Pentest Reports

What is a penetration test?

A penetration test (ethical hacking) can be defined as an authorized cyberattack launched as part of a security audit to look at the system from a hacker’s perspective. Pentest reports are used to remediate discovered vulnerabilities to secure the system controls. 

Black Box Testing

Also called “trial and error”, this type of pen testing takes longer as the tester will make attempts to make an all-out attack on the system without knowing anything about the source code and design. Even though it won’t cover all aspects, a black box pen test report is more likely to include quite a few detected vulnerabilities.

White Box Testing

Equipped with in-depth details about the code, a tester who chooses this method focuses on certain security areas and therefore can perform the test faster, counting on more accurate results. Still, the preparation stage of this method might take a while. To generate a white box pen test report, a variety of cutting-edge tools are usually used, including debuggers, source analyzers, and sniffers.

Gray Box Pen Testing

As the name suggests, it’s a combination of the black box and white box testing methods that involves the use of both automated and manual pen testing. More affordable in comparison with the techniques described above, this type of testing is based on some data about the existing vulnerabilities detected by the customers. The grey box pen test report can include hard-to-find issues that might breach the company’s defences.

Phases of any pentest

Reconnaissance – the process of gathering data before launching any real attacks.

Enumeration – the process of determining the potential weaknesses that might give malicious actors unauthorised access to the target system.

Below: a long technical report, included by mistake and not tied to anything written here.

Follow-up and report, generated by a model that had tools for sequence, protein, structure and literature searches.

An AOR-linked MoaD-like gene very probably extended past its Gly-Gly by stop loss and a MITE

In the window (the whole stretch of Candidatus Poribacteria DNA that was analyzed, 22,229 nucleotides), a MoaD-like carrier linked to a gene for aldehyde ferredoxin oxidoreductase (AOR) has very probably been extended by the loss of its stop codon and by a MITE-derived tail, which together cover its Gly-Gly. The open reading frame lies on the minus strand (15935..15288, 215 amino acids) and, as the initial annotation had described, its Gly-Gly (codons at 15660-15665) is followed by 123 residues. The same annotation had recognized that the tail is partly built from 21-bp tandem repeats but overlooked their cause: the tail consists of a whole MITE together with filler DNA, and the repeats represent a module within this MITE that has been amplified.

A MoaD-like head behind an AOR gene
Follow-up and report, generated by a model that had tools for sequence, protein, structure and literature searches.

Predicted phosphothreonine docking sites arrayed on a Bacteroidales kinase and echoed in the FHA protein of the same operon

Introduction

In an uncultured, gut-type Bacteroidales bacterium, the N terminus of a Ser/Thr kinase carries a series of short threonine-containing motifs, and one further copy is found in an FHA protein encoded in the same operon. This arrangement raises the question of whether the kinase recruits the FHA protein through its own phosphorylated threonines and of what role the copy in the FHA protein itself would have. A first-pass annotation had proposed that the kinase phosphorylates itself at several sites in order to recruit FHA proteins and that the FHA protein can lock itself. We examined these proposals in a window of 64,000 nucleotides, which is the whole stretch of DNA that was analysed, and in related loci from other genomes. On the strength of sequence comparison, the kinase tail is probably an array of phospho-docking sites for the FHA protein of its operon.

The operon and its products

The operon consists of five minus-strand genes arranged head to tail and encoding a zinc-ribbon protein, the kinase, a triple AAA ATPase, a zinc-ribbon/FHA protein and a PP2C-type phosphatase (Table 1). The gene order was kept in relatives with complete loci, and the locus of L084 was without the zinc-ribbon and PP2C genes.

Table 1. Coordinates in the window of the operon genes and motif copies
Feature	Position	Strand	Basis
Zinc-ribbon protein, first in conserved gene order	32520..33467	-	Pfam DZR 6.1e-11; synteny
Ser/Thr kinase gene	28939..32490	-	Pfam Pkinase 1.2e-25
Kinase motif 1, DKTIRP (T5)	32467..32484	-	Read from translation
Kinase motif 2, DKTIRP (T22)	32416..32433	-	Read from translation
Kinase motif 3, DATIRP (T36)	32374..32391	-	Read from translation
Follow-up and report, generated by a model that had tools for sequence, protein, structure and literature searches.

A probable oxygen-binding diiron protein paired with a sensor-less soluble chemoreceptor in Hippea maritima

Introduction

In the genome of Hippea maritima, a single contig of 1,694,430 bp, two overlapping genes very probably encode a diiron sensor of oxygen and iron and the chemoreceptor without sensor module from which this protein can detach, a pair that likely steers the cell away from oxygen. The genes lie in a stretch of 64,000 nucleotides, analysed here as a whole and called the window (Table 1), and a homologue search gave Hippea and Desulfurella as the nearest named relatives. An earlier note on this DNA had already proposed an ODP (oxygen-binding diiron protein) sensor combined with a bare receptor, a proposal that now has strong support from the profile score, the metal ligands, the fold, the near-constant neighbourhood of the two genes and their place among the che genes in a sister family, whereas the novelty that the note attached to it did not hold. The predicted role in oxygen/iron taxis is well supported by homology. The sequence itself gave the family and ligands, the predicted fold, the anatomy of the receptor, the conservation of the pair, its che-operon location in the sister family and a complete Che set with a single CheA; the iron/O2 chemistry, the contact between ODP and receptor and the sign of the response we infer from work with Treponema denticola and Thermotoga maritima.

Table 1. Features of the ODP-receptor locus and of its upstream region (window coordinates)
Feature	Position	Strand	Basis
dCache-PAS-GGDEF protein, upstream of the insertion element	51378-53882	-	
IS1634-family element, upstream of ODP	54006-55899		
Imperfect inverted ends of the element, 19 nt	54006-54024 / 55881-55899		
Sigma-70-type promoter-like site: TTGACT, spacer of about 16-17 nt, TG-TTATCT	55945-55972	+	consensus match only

Vulnerability Analysis – the process that describes, pinpoints, and classifies the security leaks.

Exploitation – the process of giving pentesters the freedom to compromise a system.

Reporting – the process of generating a pentest report that documents each detected vulnerability. 

Frequency and duration of pentesting

Rather than a one-time effort, pentest reports should be a regular thing in your company. As a rule, penetration testing is performed at least once a year to reveal any new vulnerabilities. Also, you are recommended to order a thorough pentest report every time:

  • major upgrades to infrastructure are scheduled for launch
  • new offices are opened in new locations
  • more digital assets are added.
  • Important security patches are issued
  • you’re going to update/change end-user policies

7 Reasons You Should Order a Pentest Report

Penetration testing shouldn’t be confused with a vulnerability assessment. The latter is much less intrusive and often brings not only false positives but also missed security weaknesses.

Regular pentest reports are crucial for your business as they allow you to:

1. Detect weaknesses of the system before malicious actors do.

2. Check whether your network defences are strong enough.

3. Estimate the cost of a successful cyber attack.

4. Quickly remediate identified vulnerabilities.

5. Minimize network downtime.

6. Assure the customers that their data is safe at all times.

7. Check compliance with industry standards.

What does a pentest report look like?

After the end of penetration testing, a client gets the report describing the security assessment process including main attack vectors, methodology applied, limitations, and assumptions. A pentest report also specifies all issues detected by researchers and contains detailed recommendations for their elimination. When looking at a pentest report, a client can fully realize how secure is the product and what areas need to be improved.

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